National Links: Transport Planners and Econ 101

Every day at The Overhead Wire we collect news about cities and send the links to our email list.  At the end of the week we take some of the most popular stories and post them to Greater Greater Washington, a group blog similar to streets.mn that focuses on urban issues in the D.C. region. They are national links, sometimes entertaining and sometimes absurd, but hopefully useful.

Transportation Planners Fail Econ 101: The most basic concept in economics is the idea that when the price of something goes up, people buy less of it. This is the principle behind tolls, gas taxes, and carbon taxes, where road capacity, fuel, and emissions are priced to manage consumption. When the price of gas goes up, for example, people tend to drive less; how much they drive less is known as price elasticity of demand. Planners at Portland’s Metro, however, fail to consider this metric. Their models operate with a price elasticity of 0.0, meaning that it doesn’t matter if gas is 10 cents or 10 dollars per gallon; they predict drivers will drive just as much either way. Doing so erases gas taxes and other powerful policy tools that can manipulate market forces to manage congestion and emissions. (Joe Cortright | City Observatory)

Uncivil War in America’s Most Civil Suburb: Reston, Virginia, a suburb of Washington, DC, was founded in 1964 as a liberal, civic-minded utopia. In the past few decades, however, the older, whiter, and richer residents are reckoning with their inclusive values as a new plan aims to increase the suburb’s density and meet the growing demands of the region. Bob Simon founded the suburb in repulsion to Levittown, with specific emphasis on diversities in age, income, and race in his new town. His endeavor, playing out in Jim Crow Virginia, made national headlines. But lack of growing housing supply is pricing out new homebuyers and renters, dismantling this diverse image. (Benjamin Wofford | Washingtonian)

Eastern States’ Plan to Cap Tailpipe Pollution: A coalition of mid-Atlantic and Northeastern states and the District of Columbia on Tuesday released a draft plan for a cap-and-trade program to curb transportation emissions. The program, which could start as early as 2022, would compel fuel companies to buy allowances from the states, either directly or on a secondary market, for every ton of carbon emissions their fuel will produce. There is contention, however, as producers will pass on the costs to consumers at the pump. Backers argue that the climate and health benefits of the program more than outweigh those costs. It is estimated that about 40% of greenhouse gases im the region come from transportation. (Hiroko Tabuchi | New York Times)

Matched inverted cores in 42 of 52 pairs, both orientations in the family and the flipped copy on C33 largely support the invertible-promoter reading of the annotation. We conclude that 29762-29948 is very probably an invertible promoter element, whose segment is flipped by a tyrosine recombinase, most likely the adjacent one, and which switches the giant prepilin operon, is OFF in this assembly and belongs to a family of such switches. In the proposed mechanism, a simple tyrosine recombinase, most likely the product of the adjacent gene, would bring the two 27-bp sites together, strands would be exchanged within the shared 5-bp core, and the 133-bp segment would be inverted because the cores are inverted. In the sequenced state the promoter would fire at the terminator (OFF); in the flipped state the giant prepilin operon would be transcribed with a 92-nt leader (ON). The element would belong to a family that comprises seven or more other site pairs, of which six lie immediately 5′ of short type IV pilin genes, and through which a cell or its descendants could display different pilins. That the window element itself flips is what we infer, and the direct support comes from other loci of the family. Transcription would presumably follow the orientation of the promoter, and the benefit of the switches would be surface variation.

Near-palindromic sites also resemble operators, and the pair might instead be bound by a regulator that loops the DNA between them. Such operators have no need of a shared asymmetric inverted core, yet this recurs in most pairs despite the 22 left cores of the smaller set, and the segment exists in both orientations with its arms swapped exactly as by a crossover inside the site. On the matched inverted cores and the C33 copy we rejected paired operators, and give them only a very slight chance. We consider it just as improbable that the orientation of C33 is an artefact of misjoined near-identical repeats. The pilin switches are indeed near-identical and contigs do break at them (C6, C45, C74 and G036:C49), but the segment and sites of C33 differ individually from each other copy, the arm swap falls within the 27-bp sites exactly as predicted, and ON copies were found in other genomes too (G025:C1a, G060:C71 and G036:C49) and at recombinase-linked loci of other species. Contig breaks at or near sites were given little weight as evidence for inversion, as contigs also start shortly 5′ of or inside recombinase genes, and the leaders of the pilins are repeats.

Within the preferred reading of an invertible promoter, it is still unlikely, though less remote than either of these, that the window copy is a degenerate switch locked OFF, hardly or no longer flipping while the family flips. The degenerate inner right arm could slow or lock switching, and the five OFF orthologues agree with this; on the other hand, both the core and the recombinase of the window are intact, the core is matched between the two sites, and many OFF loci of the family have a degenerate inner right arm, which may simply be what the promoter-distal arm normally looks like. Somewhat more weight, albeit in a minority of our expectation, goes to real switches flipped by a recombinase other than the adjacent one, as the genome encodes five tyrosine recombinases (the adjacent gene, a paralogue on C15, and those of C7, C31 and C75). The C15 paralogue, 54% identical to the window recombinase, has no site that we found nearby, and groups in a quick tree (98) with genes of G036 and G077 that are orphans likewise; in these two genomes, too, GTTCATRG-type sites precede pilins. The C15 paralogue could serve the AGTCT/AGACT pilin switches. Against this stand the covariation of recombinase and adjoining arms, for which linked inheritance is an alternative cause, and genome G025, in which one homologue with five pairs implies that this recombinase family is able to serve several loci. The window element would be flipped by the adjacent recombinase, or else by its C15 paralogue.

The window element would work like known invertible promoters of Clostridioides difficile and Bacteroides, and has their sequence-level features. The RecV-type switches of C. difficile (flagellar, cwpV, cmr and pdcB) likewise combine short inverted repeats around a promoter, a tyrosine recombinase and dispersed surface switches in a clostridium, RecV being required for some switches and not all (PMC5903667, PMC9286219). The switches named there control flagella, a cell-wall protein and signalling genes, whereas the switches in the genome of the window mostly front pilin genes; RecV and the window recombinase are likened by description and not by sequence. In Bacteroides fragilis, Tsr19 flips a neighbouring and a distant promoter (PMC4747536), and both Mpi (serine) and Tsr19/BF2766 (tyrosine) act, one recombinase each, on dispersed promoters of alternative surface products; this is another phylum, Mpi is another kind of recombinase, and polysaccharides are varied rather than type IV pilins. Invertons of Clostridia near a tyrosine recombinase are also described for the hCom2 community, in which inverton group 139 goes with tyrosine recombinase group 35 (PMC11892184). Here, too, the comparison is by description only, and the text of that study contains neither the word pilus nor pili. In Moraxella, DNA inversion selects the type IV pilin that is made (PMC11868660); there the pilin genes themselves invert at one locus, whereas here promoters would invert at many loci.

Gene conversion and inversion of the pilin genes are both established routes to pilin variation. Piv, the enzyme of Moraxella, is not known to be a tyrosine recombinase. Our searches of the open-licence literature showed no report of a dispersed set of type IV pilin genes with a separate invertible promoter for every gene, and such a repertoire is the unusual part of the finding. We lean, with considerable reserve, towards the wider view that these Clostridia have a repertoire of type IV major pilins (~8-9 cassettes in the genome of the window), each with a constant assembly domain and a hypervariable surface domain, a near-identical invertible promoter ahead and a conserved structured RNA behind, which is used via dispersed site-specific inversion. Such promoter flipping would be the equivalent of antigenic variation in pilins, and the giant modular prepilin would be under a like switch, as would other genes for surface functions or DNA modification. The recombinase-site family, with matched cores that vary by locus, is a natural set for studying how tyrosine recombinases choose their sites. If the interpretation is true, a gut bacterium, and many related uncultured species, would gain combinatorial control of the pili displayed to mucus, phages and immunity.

Where Did Miami-Dade’s $3B Go?: Miami-Dade’s elected leaders and transit advocates are trying to understand how a half-percent sales tax that’s generated $3B has failed to deliver more than three miles of additional rail. Mayor Carlos Gimenez cites that the plan was doomed by overly optimistic predictions on costs, federal aid, and the overall financial health of Miami-Dade’s bus and rail operations. Voters approved the half-cent sales tax in 2002, which now generates about $27.5 million a year. Back then, advocates for the tax touted it as key to winning federal and state aid, but following the 2008 financial crisis, that dream never came into fruition. Now, in retrospect, officials realize that cost projections were too low and federal aid forecasts too high. (Douglas Hanks | Miami Herald)

Disney’s Suburban Dream Is Now a Nightmare: In 1995, Disney built Celebration, a master-planned town in Florida just a stone’s throw away from Magic Kingdom. The utopia was constantly manicured and cleaned, a hamlet teeming with municipal codes. In 2004, however, Disney sold the town’s business sector to a private real estate development firm. In 2016, residents sued the firm, alleging chronic negligence and breach of fiduciary duty. The firm established the Town Center Foundation, which filed itself with the State of Florida as a corporate nonprofit, not an HOA, granting it power over downtown Celebration’s residential properties but without needing to consult with residents. The Foundation now collects assessments from residents for building repairs, roughly $26,000 total monthly, but some residents have been dealing with leaks, mold, and other maintenance issues for years without any word of where the assessments are going. (Tarpley Hitt | Daily Beast)

Quote of the Week

“Advocates use jargon and rely on data instead of telling compelling stories. We need to connect our message to the public’s everyday lived frustrations and show how transportation can improve the everyday lives of individuals and drive economic growth.”

Mae Hanzlik in Streetsblog USA discussing a new report by Smart Growth America on structural racism in transportation.

This week on the podcast Giacomo Lozzi of Polis discusses a report he wrote for the EU on sustainable procurement.

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